Prior to his first involvement with Genesius Guild, Flaherty was already familiar with the Wootens, having taken Black Hawk classes alongside Don's son David. "So I knew Don when I was 19," says Flaherty. "But I was afraid to go to Genesius Guild until I was 30. Oh, I was scared to death of doing Shakespeare."

Instead, after his years in the Army, Flaherty acted in shows for a number of other local-theatre groups, among them Playcrafters, the Richmond Hill Barn Theatre, and "a couple of no-name groups that popped up, did a show, and disappeared.

"So I had enough to keep me occupied," he continues. "If I couldn't get any parts someplace else, I probably would've been up there [with Genesius Guild] a lot quicker. But since I was getting parts, I went ahead and gave into my fear, and just stayed away from Shakespeare, even though that's what I really wanted to do."

Eventually, though, Flaherty found himself underwhelmed with the area-theatre scene in the 1970s. "Theatre here was a little ... candy-ass at the time," he says with a laugh. "You couldn't say 'Jesus Christ,' you couldn't say 'shit' ... . Forget about the 'F' bomb. I mean, forget about it. It just got a little dull, it really did. The shows I was doing, they seemed like they were just ... nothin'. There was nothin' in 'em.

"So it was either go do Shakespeare or just quit theatre altogether, because nothing was tripping my trigger."

At age 30, Flaherty finally auditioned for Genesius Guild and found himself cast ... though not in a play by Shakespeare. With his schedule only allowing for participation in one 1981 production in Lincoln Park, Flaherty's Guild debut was actually in author Christopher Fry's comedy A Phoenix Too Frequent.

"And, boy, I hated that script," says Flaherty, laughing. "It was awful. But I loved it, because being there was a discipline. You know, it was the discipline of that stage out there. You've got that great big aircraft carrier of a stage, and the actors are spread out, and the audience can't hear a whisper, you know. They can't hear normal conversation. So you have to make yourself be heard."

During the Guild's 1982 summer season, says Flaherty, "I think I did every play," including Sophocles' Antigone, the first of many Greek tragedies - performed in traditional period masks - in which the actor would subsequently appear.

"I don't really like the Greeks," admits Flaherty (referring here to Greek tragedies, not Greek people). "The translations are mostly really stilted. But I do them because it's good for me - that discipline thing. And it took me a while to get used to the masks, but now I've kind of gotten to like them. I've started to understand there's really some power in that mask - like in the way you tilt your head - if you use it right."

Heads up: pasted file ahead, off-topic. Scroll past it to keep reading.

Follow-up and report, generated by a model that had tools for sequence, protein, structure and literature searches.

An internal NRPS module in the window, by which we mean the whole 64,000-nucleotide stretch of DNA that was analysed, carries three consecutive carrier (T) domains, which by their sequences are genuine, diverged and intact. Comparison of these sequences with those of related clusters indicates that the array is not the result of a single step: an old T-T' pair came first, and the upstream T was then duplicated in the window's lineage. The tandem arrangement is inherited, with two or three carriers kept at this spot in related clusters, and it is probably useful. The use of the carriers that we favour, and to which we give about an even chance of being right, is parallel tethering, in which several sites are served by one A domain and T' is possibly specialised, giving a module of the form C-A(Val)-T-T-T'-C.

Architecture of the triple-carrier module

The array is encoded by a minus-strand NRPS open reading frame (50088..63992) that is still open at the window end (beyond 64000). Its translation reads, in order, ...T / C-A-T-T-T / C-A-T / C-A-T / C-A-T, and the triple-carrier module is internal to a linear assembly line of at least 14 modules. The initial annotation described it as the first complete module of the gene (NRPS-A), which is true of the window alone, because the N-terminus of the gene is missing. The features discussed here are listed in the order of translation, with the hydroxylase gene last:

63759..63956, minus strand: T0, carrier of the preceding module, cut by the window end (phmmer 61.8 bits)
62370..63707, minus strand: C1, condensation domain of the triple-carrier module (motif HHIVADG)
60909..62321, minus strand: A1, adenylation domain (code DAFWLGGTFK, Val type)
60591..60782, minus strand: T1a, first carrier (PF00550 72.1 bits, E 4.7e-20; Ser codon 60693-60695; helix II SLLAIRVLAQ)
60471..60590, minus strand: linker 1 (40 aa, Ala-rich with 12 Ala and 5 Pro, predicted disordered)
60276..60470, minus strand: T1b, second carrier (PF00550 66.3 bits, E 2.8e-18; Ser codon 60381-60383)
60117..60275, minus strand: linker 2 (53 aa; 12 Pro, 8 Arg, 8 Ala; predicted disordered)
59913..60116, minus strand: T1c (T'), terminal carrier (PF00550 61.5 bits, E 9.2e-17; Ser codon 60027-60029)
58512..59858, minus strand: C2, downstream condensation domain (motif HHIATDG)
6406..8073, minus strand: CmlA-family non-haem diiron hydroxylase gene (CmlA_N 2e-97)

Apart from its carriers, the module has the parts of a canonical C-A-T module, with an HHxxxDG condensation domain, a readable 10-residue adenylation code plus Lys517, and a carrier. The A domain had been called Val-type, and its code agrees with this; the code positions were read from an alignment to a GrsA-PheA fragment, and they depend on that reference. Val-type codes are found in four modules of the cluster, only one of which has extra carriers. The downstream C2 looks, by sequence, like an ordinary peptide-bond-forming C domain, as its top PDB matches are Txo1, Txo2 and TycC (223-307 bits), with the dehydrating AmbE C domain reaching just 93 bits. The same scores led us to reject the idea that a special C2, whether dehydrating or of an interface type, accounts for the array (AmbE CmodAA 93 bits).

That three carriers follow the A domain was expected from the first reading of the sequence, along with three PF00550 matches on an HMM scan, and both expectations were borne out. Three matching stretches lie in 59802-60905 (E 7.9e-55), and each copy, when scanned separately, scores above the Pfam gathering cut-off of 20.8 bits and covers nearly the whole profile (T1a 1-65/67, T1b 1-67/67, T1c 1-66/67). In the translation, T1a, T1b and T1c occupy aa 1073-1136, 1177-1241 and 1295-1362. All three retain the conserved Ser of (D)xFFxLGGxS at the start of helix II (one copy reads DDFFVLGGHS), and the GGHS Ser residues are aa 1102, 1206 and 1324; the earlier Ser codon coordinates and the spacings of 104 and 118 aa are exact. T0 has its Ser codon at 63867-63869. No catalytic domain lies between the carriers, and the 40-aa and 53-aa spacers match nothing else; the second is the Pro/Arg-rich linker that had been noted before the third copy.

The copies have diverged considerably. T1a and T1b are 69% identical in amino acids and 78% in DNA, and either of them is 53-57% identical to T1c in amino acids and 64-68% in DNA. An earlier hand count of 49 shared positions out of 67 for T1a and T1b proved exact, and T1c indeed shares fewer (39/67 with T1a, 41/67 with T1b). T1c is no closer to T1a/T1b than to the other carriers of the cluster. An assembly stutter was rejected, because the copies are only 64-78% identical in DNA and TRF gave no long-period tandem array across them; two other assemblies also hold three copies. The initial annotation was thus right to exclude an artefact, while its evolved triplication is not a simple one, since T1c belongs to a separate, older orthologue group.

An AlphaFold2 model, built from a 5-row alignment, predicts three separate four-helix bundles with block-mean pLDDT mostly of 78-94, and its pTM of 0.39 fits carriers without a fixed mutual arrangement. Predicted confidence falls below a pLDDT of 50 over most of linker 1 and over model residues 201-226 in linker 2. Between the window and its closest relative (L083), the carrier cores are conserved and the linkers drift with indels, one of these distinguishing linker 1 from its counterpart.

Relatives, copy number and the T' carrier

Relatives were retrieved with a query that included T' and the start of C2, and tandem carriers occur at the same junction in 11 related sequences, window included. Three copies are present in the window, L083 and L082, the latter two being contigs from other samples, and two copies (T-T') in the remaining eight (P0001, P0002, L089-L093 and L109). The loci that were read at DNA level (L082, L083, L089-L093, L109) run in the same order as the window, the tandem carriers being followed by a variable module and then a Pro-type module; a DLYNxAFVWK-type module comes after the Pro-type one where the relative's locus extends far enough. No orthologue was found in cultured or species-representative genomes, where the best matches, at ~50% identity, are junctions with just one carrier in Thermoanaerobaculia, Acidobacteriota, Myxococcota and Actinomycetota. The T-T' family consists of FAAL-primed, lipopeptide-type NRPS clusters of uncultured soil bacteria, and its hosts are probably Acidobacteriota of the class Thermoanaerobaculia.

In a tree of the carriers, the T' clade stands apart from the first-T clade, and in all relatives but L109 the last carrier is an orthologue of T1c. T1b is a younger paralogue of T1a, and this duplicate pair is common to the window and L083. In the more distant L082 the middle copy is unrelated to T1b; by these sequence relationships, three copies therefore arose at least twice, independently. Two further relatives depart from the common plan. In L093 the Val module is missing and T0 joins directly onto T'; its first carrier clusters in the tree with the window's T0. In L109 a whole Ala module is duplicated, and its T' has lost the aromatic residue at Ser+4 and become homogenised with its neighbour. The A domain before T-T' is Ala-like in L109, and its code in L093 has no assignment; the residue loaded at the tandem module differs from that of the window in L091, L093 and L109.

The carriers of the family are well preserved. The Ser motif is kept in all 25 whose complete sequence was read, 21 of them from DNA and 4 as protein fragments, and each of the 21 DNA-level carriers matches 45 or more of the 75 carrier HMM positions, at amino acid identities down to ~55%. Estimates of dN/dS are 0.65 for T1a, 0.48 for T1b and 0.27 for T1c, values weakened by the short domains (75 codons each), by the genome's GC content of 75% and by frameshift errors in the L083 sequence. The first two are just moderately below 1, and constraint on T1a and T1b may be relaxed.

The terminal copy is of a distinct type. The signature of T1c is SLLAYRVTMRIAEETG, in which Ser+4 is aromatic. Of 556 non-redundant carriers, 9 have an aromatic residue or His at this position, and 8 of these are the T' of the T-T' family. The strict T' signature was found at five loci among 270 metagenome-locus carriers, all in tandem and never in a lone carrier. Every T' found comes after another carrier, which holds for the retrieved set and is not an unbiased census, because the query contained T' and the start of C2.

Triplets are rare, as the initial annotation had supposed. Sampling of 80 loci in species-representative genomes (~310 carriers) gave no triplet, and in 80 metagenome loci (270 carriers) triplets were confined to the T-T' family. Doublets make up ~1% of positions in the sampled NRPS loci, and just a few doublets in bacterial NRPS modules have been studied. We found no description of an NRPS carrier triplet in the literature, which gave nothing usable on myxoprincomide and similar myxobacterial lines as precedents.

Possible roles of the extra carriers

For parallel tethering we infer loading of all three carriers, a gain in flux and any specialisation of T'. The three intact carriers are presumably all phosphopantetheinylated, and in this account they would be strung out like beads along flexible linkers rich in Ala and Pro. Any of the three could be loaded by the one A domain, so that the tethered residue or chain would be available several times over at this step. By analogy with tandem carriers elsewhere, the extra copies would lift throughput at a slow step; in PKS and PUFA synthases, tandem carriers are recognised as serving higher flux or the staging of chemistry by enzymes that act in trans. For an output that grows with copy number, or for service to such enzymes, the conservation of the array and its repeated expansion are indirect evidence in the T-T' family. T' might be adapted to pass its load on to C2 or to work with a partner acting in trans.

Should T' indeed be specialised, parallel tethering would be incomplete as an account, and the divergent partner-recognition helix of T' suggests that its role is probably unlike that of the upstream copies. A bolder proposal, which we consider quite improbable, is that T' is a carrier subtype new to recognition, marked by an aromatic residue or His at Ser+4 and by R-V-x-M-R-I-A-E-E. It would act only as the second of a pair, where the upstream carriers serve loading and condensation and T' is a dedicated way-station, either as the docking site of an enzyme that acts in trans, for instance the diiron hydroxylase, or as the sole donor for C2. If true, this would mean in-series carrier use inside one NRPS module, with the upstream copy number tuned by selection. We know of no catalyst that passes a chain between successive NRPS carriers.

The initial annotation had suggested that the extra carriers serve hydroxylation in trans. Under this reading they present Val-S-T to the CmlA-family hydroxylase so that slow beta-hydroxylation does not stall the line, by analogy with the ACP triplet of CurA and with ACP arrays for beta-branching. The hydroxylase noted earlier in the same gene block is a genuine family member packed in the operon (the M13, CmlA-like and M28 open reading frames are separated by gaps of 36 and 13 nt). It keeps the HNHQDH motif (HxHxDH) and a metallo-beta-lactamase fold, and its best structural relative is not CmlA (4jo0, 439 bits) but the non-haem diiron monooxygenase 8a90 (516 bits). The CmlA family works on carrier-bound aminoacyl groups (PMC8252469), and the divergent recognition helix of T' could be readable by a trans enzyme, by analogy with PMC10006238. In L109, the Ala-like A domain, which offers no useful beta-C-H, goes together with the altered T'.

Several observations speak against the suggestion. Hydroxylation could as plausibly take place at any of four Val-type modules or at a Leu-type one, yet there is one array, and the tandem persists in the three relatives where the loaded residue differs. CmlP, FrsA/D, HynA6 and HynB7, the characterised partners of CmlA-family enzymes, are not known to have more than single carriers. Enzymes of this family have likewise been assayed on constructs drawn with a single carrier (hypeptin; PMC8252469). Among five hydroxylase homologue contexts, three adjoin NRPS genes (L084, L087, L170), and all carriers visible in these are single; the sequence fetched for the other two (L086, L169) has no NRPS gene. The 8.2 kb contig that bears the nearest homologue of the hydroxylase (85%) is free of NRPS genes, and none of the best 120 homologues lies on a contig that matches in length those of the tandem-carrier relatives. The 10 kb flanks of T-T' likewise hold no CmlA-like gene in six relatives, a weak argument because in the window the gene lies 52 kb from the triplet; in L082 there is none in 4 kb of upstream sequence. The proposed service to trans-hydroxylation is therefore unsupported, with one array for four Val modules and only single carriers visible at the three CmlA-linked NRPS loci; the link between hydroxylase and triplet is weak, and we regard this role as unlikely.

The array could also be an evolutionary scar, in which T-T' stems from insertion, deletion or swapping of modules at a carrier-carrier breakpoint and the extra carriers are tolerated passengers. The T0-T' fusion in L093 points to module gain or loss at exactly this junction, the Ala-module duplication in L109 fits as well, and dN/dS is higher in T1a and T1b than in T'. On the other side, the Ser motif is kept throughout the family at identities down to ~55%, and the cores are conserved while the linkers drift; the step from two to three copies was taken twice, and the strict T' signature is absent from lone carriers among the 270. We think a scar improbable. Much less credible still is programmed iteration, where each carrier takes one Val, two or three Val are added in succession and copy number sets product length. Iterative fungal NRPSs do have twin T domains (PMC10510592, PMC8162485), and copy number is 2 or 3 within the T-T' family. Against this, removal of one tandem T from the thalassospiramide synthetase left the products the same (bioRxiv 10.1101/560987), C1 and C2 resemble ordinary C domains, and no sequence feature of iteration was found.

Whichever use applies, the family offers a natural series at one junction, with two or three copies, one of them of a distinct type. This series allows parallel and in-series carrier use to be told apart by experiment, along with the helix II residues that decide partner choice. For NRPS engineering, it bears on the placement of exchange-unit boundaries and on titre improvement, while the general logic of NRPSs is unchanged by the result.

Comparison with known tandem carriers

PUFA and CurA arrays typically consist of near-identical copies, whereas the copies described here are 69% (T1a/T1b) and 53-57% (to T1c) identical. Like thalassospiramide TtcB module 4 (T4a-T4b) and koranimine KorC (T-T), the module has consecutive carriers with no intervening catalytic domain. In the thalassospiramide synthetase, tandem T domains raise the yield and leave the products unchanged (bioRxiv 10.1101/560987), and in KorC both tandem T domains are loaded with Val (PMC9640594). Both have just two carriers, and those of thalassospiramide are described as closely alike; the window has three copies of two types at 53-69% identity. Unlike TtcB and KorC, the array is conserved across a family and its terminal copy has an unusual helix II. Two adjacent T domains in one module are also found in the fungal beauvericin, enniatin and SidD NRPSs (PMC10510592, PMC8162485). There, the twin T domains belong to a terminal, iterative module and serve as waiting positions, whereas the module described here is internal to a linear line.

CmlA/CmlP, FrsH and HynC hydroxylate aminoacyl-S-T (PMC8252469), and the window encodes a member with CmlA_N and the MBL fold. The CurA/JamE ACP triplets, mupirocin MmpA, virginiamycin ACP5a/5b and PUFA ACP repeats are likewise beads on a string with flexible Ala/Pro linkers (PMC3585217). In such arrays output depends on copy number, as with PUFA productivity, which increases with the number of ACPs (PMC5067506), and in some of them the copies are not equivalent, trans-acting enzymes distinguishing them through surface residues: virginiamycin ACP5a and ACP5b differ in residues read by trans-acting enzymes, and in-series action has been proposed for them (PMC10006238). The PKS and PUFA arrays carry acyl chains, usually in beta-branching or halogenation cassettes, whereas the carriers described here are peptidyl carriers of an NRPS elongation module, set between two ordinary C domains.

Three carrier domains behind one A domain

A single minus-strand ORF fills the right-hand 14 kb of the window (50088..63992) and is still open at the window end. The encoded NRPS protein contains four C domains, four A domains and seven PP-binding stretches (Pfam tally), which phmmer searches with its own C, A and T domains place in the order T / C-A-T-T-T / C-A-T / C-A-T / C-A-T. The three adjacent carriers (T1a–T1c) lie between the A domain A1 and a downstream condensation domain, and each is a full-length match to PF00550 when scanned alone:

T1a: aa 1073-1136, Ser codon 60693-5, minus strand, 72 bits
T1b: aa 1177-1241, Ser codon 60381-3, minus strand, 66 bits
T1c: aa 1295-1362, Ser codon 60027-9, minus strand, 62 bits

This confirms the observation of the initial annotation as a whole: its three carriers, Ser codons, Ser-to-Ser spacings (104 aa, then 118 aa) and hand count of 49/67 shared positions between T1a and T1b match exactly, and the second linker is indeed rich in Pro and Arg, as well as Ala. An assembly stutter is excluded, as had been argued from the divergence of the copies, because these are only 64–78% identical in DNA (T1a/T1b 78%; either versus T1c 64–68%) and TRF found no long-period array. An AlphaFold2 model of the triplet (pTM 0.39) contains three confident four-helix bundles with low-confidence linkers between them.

But the summer of 1982 also allowed Flaherty his first chances to perform Shakespeare with the Guild - in As You Like It and Corolianus - and to truly feel like a part of what he calls "just a bunch of really wacky guys, you know? It really is summer camp for grown-ups. And day care for grown-ups."


Pat Flaherty in The Comedy of ErrorsAct III: Let's Do It Again

Of the many Shakespeare figures that Flaherty has played at Genesius Guild, the actor says that his favorites include the meaty, richly drawn character parts that the Bard seemed especially generous toward - roles such as Prospero in The Tempest, Lord Capulet in Romeo & Juliet, and Leonato in Much Ado About Nothing.

"Man, his old-man parts are good," says Flaherty. "I think Shakespeare was pretty fond of his older actors. They must have been friends of his. You know, where they could look at the role and say, 'Punch this up, damn it!'" He laughs. "But almost any Shakespearean character role is awesome."

Yet what Flaherty appears to value in the Guild experience above all else are the people he works with - one of them being his wife, popular area actress and Guild veteran Patti Flaherty, to whom Pat has been married, he says with a grim deadpan, "all of my life." (He laughs and adds, "She knows that joke and she hates it. It's been 31 years.")

"The nicest thing about Genesius Guild is the guys and the women my age over there," he says. "All those guys I started with over there are still there: Bob Hanske, and Peggy Hanske, and Mike Carron, and Earl Strupp ... . They're great to work with. They're so much fun.

"And there are no egos allowed over at Genesius Guild," he continues, "because the material is so humbling. You start to think you're pretty good, and then ... !"

Of course, given the frequent challenge of outdoor theatre, Flaherty admits that quite a bit about Genesius Guild can be humbling, especially if the weather isn't cooperating. "It can just be the most uncomfortable place to watch theatre," he says. "The comedies are nice and short, but when you're looking at a three-hour play like Lear, you can start with 150 people [in the audience] and end up with maybe 40. But thank God they do it. They go out there, and they sit through our stuff."

And while the experience can be trying for audiences, it can be even tougher, Flaherty suggests, on those who aren't allowed to leave Lincoln Park.

"It's horrible," says the actor of performing in less-than-ideal outdoor conditions. "It's just horrible. It finally gets so bad that you don't worry about it anymore. You're like, 'Oh, I'm getting bit, oh, I'm sweating, oh, I sure could use some water ... !"

Laughing, he adds, "But we do it, you know? And we all laugh about it afterward. 'We almost killed ourselves tonight!' 'Yeah, that was funny! That was fun! Let's do it again!' You don't really know why, but you do."


Act IV: A Lot There

Flaherty says it was two years ago that Don Wooten asked about his interest in one day playing King Lear's lead, the tyrannical, ultimately tragic ruler who goes mad after banishing his loving daughter Cordelia and unwisely leaving his kingdom to the two daughters who claim to love him best. And as any actor would be, Flaherty was both flattered by, and intimidated by, the thought of portraying perhaps the most complex character in the Shakespeare canon. "I'm almost embarrassed by the curses he shouts at his daughters," says Flaherty. "I wouldn't say those things to a woman to save my life!"